Humans do not impress me. Chimpanzees? Always. Baboons? Sometimes. But the Homo sapiens? No way. You must always be on your guard with these knife-wielding bipeds, because you never really know what they're thinking. In fact, most representatives of this deranged species (with the rare exception of me and you, dear reader) are walking contradictions, guided first and foremost by base appetites, not reason. We manufacture rational arguments for a fait accompli. Reason follows desire like a hired gun to do the latter’s bidding. We operate under certain principles only when it suits us to do so. For instance, it doesn’t take long for a self-proclaimed pacifist to utter violent language when describing or confronted by those who espouse a different social or political ideology. Benighted self-interest guides our behavior no less than the other species on the planet. Humans are always bitching and moaning, hootin’ and hollerin’, posing and posturing. It’s like they’re not content unless someone is just as miserable as they are. I didn’t arrive at this viewpoint overnight, mind you; a consilience of evidence drew me to this conclusion. Nietzsche was correct: what drives us is the "will to power," a determined effort to gratify our passions. We want to control or dominate others, though some are more subtle than others in this Machiavellian endeavor. We spit out words and slogans designed, consciously or not, to create an environment, a social psychological "space," for our will to prevail, for others to see the "wisdom" of our point of view, all the while wearing a cloak of righteousness.
We instill fear, guilt, or a sense of honor and moral obligation, whatever does the job to get a desired outcome, the one that yields us more wealth, more prestige, more sex partners, more real estate. In its most vicious and systematic form, we commit genocide. Ethnocentrism and xenophobia guide our behavior, argues anthropologist Michael Ghiglieri in his book The Dark Side of Man: Tracing the Origins of Male Violence, binding men "along kin lines and/or via reciprocal altruism to fight and kill other men genetically more distant from them in genocidal wars aimed at seizing or usurping what those other men possess, including the reproductive potential of their women." It behooves us to attend to these biologically-driven demons and not rest satisfied with a simple social constructionist viewpoint of human violence. Otherwise we'll continue to scratch our heads in frustration and incomprehension as to why new programs designed to desensitize males and more reinforced social institutions to create an equitable society continue to make an insignificant dent in the problems we face.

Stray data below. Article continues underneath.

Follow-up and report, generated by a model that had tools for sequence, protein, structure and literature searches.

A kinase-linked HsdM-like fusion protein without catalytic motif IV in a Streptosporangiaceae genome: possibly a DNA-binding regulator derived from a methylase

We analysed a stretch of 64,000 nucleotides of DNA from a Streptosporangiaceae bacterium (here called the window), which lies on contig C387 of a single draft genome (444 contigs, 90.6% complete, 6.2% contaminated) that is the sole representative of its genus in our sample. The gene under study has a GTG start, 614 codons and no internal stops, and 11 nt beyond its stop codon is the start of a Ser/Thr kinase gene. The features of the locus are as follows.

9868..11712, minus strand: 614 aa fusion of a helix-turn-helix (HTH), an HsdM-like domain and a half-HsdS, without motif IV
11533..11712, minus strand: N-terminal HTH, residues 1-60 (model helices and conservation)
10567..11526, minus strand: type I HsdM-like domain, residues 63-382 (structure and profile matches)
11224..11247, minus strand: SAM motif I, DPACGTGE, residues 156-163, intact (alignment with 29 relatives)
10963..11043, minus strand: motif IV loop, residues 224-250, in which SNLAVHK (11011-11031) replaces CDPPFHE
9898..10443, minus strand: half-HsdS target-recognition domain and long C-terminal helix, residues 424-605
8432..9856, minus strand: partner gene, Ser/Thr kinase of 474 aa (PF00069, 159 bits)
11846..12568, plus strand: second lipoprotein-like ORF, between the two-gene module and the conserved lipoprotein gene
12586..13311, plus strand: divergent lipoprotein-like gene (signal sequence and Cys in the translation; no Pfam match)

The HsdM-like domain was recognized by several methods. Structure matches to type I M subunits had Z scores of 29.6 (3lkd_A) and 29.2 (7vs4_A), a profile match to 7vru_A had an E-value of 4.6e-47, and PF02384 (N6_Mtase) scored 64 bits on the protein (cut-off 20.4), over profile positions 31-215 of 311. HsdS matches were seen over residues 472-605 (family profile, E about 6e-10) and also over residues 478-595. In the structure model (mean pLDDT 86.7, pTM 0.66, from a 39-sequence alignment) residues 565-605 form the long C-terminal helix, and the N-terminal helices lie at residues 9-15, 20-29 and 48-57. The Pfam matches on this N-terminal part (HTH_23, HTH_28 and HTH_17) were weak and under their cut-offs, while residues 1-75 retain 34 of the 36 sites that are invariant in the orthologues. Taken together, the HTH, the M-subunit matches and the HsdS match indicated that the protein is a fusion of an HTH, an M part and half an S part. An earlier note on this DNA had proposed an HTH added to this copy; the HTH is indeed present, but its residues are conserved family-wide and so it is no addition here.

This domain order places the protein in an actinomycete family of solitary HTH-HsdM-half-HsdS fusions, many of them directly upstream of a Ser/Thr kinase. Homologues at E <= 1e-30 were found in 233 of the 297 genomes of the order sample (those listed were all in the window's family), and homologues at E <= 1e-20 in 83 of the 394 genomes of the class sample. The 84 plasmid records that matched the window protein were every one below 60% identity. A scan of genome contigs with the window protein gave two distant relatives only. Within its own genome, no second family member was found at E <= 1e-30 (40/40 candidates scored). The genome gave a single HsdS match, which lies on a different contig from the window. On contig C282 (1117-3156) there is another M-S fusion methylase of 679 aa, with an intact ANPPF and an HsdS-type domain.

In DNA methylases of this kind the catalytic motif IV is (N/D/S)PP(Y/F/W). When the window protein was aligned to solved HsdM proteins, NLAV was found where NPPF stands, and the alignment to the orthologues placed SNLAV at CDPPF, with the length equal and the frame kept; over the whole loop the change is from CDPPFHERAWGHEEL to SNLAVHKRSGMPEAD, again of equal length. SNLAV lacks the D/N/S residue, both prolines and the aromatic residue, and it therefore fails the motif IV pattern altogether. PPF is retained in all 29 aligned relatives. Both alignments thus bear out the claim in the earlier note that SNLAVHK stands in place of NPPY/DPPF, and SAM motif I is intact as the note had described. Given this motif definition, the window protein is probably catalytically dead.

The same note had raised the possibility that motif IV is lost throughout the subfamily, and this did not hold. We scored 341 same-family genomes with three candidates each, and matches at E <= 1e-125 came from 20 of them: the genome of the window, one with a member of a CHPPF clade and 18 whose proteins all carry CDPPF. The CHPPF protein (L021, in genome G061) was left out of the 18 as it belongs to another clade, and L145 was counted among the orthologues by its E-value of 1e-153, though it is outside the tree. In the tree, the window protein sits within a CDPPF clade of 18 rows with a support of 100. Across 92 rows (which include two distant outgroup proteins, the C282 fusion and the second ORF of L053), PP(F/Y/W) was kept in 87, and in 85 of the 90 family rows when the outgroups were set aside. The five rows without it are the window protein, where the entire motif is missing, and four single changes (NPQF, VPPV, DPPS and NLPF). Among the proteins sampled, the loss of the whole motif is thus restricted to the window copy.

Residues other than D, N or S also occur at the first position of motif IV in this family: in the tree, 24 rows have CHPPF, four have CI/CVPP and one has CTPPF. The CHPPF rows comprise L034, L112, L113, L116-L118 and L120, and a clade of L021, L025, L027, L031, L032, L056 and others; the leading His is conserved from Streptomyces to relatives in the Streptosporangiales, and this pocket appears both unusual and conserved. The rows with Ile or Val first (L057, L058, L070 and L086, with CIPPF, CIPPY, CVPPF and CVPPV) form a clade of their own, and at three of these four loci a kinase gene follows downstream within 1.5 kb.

Perhaps this assessment of the human condition is rather bleak for some of you, especially for those of us (myself included) who want to believe in human decency, the possibilities of community engagement, and the potential for meaningful collaboration. Moreover, you might be inclined to say that human naughtiness is an aberration, an exception that only a hasty fool would take as our core nature. After all, don't most people just want to live in peaceful coexistence with their neighbors? Don't they generally avoid confrontation? Isn't the act, if not the thought, of killing another human being generally revolting to people? But don't be deceived by outward appearances. Our biology hasn't yet caught up with civilization. Don't look to ideal conditions for an accurate portrayal of our nature. And don't draw your conclusions from those times when it's easy to behave with grace and dignity. A deep mysterious ocean surges and swells under the city streets; you could easily drop off and succumb to its forceful current. Admittedly, my view is not particularly original nor is it a "fringe" perspective. Just ask Darwin, Freud, Voltaire, Hobbes and others who have dared to explore these dark waters.